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12 min read

The rise of the ‘Parent-sioner’ – Number of parents in their 60s with children under 18 set to soar over next 10 years

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  • The number of parents approaching retirement with children under 18 predicted to reach nearly one million over the next decade
  • The trend is being driven by unplanned late arrivals (25% of parents who will be in their 60s with children under 18), second marriages (20%), and not finding the right partner until later in life (19%)
  • These older parents say their finances are taking a hit with nearly seven in ten (69%) saying they have been impacted
  • One in six (16%) are saving less toward retirement and a similar number (14%) are dipping into savings as a result of having children later in life

New research from OneFamily has found that the number of ‘Parent-sioners’[i] is set to increase significantly over the next decade. The findings indicate that more over 60s than ever before will have children under 18 and in the next ten years it will rise from circa 400,000 to over 900,000[ii]. These statistics also reflect Office for National Statistics figures, which show a steady rise in the ages of mothers and fathers[iii], with women over 30 now more likely to enter parenthood, than their younger counterparts.

Motivations for having children later in life

Many of these older parents have chosen to have children later in life as part of a second marriage (20%), however a significant number also acknowledge that their later in life arrival was an unplanned surprise (25%).

With the average deposit for a first home now reaching £33,000[iv], the cost of buying a home has had a significant impact, with one in ten (10%) older parents saying they prioritised saving for a home before having children. Finances in general played an important role, with half (48%) of these older parents saying they had children later in life in order to be more financially comfortable.

The financial impact of having children later in life

Having children at any age comes at a high price, however for these older parents, who would traditionally be saving for their upcoming retirement, their ability to put money away has been impacted. Two-thirds (69%) said their finances have taken a hit, with 33% saying they have less disposable income than they planned, a quarter (27%) said they have less savings and one in ten (14%) admitted they have had to cut back on their day-to-day expenses.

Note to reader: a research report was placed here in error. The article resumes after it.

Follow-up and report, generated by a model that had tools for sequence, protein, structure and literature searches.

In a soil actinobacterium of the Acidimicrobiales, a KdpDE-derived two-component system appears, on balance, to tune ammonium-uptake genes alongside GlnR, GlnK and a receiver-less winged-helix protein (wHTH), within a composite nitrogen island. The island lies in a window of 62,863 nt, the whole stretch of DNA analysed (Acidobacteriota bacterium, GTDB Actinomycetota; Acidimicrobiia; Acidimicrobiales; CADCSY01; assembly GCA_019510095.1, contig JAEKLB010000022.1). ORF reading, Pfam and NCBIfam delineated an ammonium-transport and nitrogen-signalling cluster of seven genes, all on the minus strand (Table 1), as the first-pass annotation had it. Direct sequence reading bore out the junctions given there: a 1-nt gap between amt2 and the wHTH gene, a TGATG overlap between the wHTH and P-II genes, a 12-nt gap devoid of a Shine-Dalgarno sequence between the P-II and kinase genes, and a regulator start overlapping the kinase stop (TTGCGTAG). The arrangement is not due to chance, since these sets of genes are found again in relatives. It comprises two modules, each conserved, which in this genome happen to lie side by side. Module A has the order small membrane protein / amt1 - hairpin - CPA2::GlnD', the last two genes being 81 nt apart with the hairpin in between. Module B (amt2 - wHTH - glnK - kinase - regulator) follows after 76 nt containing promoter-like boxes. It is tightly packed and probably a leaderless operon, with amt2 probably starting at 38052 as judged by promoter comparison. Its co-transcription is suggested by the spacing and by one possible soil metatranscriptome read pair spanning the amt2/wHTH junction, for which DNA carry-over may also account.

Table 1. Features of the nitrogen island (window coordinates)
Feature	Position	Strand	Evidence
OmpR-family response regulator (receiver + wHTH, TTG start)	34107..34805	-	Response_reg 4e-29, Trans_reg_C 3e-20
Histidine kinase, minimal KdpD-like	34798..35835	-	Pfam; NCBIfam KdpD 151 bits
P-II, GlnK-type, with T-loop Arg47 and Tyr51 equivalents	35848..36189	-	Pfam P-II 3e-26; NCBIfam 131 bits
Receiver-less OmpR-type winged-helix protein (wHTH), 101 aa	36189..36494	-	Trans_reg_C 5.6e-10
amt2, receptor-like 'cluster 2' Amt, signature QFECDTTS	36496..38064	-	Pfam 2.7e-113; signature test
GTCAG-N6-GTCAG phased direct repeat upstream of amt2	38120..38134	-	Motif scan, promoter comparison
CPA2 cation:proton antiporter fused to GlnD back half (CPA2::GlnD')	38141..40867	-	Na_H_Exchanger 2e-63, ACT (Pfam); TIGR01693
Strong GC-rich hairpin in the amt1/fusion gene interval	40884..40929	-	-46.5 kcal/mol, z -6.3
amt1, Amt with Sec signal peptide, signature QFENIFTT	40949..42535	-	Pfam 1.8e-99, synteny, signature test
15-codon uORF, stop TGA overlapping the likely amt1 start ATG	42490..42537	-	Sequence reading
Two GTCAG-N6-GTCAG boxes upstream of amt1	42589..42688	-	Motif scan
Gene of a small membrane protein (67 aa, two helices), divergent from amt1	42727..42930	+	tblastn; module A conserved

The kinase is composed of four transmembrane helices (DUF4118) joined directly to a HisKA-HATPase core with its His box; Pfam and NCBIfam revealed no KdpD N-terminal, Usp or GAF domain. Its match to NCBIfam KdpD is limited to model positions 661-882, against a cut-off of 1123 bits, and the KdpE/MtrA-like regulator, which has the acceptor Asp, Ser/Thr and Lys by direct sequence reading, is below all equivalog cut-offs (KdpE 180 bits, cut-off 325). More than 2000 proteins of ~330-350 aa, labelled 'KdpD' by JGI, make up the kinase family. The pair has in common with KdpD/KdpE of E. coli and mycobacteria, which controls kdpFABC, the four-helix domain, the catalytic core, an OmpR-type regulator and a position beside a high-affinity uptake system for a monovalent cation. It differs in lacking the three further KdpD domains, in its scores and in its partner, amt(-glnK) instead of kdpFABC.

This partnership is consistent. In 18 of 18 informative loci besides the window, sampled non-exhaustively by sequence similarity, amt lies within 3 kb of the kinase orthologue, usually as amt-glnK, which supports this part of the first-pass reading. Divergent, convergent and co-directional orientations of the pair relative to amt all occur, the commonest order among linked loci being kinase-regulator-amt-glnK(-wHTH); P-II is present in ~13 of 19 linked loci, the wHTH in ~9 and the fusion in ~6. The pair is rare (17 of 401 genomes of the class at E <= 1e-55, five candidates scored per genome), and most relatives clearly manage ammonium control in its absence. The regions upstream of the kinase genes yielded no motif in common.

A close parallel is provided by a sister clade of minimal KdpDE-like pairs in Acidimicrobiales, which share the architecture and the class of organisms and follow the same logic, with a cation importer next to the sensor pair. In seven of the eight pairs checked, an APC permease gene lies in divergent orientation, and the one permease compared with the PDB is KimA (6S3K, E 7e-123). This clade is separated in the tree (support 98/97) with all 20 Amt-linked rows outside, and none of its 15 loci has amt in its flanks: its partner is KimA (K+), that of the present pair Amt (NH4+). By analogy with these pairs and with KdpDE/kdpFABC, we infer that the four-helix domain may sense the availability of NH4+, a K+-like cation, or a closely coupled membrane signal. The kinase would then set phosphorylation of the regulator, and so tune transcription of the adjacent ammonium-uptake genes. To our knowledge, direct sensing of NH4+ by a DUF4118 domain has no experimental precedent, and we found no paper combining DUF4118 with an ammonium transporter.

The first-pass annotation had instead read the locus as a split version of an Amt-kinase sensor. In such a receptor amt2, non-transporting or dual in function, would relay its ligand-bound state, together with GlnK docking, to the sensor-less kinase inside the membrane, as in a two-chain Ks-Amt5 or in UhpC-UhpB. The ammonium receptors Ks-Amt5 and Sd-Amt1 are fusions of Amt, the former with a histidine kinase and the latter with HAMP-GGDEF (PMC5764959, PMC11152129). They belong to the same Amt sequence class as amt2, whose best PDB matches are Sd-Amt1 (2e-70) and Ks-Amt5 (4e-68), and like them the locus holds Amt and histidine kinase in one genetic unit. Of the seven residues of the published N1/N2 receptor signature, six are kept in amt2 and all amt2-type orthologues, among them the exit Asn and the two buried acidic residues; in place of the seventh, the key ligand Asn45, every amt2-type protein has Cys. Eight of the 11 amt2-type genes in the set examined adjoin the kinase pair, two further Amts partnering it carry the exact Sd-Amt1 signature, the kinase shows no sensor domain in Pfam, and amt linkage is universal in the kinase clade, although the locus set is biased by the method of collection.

Retirement savings in particular take a back seat, with one in six (16%) admitting that they have saved less towards their retirement and 14% are dipping into money they had already saved. This is having a knock on effect on retiring, with 17% of these older parents saying they will put off leaving work.

Nici Audhlam-Gardiner, Managing Director of OneFamily Lifetime Mortgages, commented:

“It’s great to see parents having children later in life, however these bundles of joy come at a high cost. At 60 most parents have seen their children fly the nest, but instead this group of over 60s are still facing the costs associated with younger children.

“With young children living in the family home, downsizing is also not an option. However, there are now many different ways of funding retirement, including lifetime mortgages, where homeowners can take advantage of the large house price rises we have seen over recent years. Over 60s thinking about how to fund their retirement should speak to a financial adviser and explore all the options open to them.”

Read more about OneFamily Lifetime Mortgages www.onefamily.com/lifetime-mortgages/

[i] Parents aged over 60 who have children under 18 or parents of children who will be over 60 by the time their child is 18.
[ii] As parents over 60 represent a small proportion of the population, these statistics should be treated as indicative rather than exact numbers. However, according to Opinium Research analysis they suggest an increase over the next 10 years as follows: 452,901 to 914,274
[iii] ONS, Births by parents’ characteristics in England and Wales, 2016:
https://www.ons.gov.uk/peoplepopulationandcommunity/birthsdeathsandmarriages/livebirths/bulletins/birthsbyparentscharacteristicsinenglandandwales/2016#average-ages-of-mothers-and-fathers-have-continued-to-rise
[iv] Halifax